Coal chief calls for return to deep mining to fuel power-station pledge

THE head of the UK's largest coal producer has said that a return to deep mining north of the Border is essential if the Scottish Government is to follow through on its commitment to coal-fired power stations.

Don Nicolson, the new chief executive of the Scottish Resources Group, which owns several firms, including Scottish Coal, told The Scotsman that there are "perhaps billions of tonnes" of coal in Scotland that could not be accessed by surface mining.

He said: "There are millions of tonnes, perhaps billions of tonnes of coal in Scotland. A small fraction you can get at through surface mining. If coal was to become part of our long-term future, which we think it will, then you need to go deep. That is where the bulk of the coal reserves are."

UK Coal has five deep mining sites – all in England. Scotland's last remaining deep mine, at Longannet, Fife, was closed in 2002. The Scottish Government plans to base the future of electricity supply on "clean" fossil-fuel power stations and renewables – and has said it will not build any more nuclear power stations north of the Border.

But it has come under fire from energy experts who have claimed that new coal-fired plants should not be built until a new technology – which does not yet exist – to capture and store carbon dioxide emissions is available.

Carbon dioxide from coal-fired power stations accounts for almost 20 per cent of Scotland's emissions. Scotland has a target of reducing greenhouse gas emissions by 80 per cent by 2050 to help prevent catastrophic climate change.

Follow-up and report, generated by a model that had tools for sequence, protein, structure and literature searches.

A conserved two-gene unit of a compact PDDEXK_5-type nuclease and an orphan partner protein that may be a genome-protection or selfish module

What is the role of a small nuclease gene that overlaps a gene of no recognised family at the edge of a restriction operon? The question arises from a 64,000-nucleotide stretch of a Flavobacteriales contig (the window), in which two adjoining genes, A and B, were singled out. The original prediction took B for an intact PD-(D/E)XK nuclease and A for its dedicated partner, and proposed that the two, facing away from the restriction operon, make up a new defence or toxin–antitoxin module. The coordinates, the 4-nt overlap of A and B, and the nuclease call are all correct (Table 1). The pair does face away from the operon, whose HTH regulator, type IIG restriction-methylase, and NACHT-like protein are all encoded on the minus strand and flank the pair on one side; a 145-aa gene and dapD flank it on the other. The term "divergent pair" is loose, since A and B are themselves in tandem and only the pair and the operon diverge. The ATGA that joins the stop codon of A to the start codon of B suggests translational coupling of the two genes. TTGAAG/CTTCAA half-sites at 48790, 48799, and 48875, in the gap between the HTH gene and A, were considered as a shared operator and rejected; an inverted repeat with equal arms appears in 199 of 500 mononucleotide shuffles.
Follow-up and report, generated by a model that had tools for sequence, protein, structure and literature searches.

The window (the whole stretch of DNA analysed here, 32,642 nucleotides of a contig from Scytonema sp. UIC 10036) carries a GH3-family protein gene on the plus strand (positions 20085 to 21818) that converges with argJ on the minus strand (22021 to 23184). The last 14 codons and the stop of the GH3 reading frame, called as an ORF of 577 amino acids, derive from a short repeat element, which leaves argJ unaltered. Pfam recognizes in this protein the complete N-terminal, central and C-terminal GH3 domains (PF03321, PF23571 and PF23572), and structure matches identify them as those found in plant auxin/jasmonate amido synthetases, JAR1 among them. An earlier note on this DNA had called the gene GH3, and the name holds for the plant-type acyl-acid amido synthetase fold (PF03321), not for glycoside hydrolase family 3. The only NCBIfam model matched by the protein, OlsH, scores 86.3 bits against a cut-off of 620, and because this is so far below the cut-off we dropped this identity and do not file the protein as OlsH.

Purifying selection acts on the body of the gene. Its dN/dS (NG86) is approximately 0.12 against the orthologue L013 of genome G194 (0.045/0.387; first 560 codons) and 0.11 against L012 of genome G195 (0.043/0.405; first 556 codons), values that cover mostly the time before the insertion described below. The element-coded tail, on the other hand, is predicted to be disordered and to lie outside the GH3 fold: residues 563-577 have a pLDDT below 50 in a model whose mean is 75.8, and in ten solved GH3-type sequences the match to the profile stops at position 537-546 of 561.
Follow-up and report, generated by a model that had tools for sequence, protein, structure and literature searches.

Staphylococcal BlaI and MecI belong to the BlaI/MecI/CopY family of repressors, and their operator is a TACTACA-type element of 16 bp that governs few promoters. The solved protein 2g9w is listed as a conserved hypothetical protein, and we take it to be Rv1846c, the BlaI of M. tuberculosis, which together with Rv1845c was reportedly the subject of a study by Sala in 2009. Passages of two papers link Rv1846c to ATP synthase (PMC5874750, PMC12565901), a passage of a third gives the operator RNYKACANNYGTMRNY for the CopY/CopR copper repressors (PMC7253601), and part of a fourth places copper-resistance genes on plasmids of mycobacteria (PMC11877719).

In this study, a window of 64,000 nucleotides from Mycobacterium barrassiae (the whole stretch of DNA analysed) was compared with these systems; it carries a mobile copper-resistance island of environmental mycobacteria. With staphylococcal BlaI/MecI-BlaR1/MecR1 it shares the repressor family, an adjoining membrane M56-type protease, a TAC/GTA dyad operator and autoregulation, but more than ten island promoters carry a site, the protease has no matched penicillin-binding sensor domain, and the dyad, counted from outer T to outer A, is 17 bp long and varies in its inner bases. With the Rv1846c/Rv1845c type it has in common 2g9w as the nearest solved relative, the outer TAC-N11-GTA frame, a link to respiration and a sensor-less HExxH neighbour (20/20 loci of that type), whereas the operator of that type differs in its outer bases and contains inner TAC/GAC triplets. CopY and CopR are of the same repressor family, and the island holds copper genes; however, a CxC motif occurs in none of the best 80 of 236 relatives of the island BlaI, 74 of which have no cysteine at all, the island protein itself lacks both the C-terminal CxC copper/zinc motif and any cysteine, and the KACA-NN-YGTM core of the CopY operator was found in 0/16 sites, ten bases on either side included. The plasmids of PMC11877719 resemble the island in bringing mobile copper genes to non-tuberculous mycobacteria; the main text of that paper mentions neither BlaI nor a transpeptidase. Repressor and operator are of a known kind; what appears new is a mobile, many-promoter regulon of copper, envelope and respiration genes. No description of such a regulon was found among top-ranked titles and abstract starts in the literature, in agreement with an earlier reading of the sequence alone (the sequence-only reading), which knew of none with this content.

Nicolson admitted that a new deep mine could be some time off, refusing to comment on expectations that any new plant would open in Canonbie, Dumfriesshire, but added that coal mining could prove lucrative in the future, when commodity prices rebound.

Coal has dramatically dropped in price over the past six months, but Nicolson said he expects it to return to the $60 to $80 levels previously enjoyed by the industry. In August, the price was as high as $190 a tonne.

He said: "There are very high costs to set up, sinking shafts and all you have got to do. You need two things for this to happen. One, you need government's long-term commitment to coal because it will take a long time to get the coal out to get your money back. The second thing is commodity prices need to be high for a long period."

He added: "Coal prices today are pretty close to the bottom of the cycle. My view is once the world economy picks up, whether that takes one or two or three years, commodity prices will follow."

&#149 Rio Tinto is in talks to raise up to $9 billion (6.2bn) from Chinalco, the state-owned Chinese aluminium firm which already holds an 11 per cent stake in the miner, reports claimed yesterday.

The capital injection was intended to address growing concerns about the company's debt, it was reported, adding that the Chinese company was planning to buy minority stakes in Rio's mining assets.

It is understood that Chinalco was also considering increasing its stake in Rio to at least 15 per cent, which could be done through a placing to raise about $1bn.

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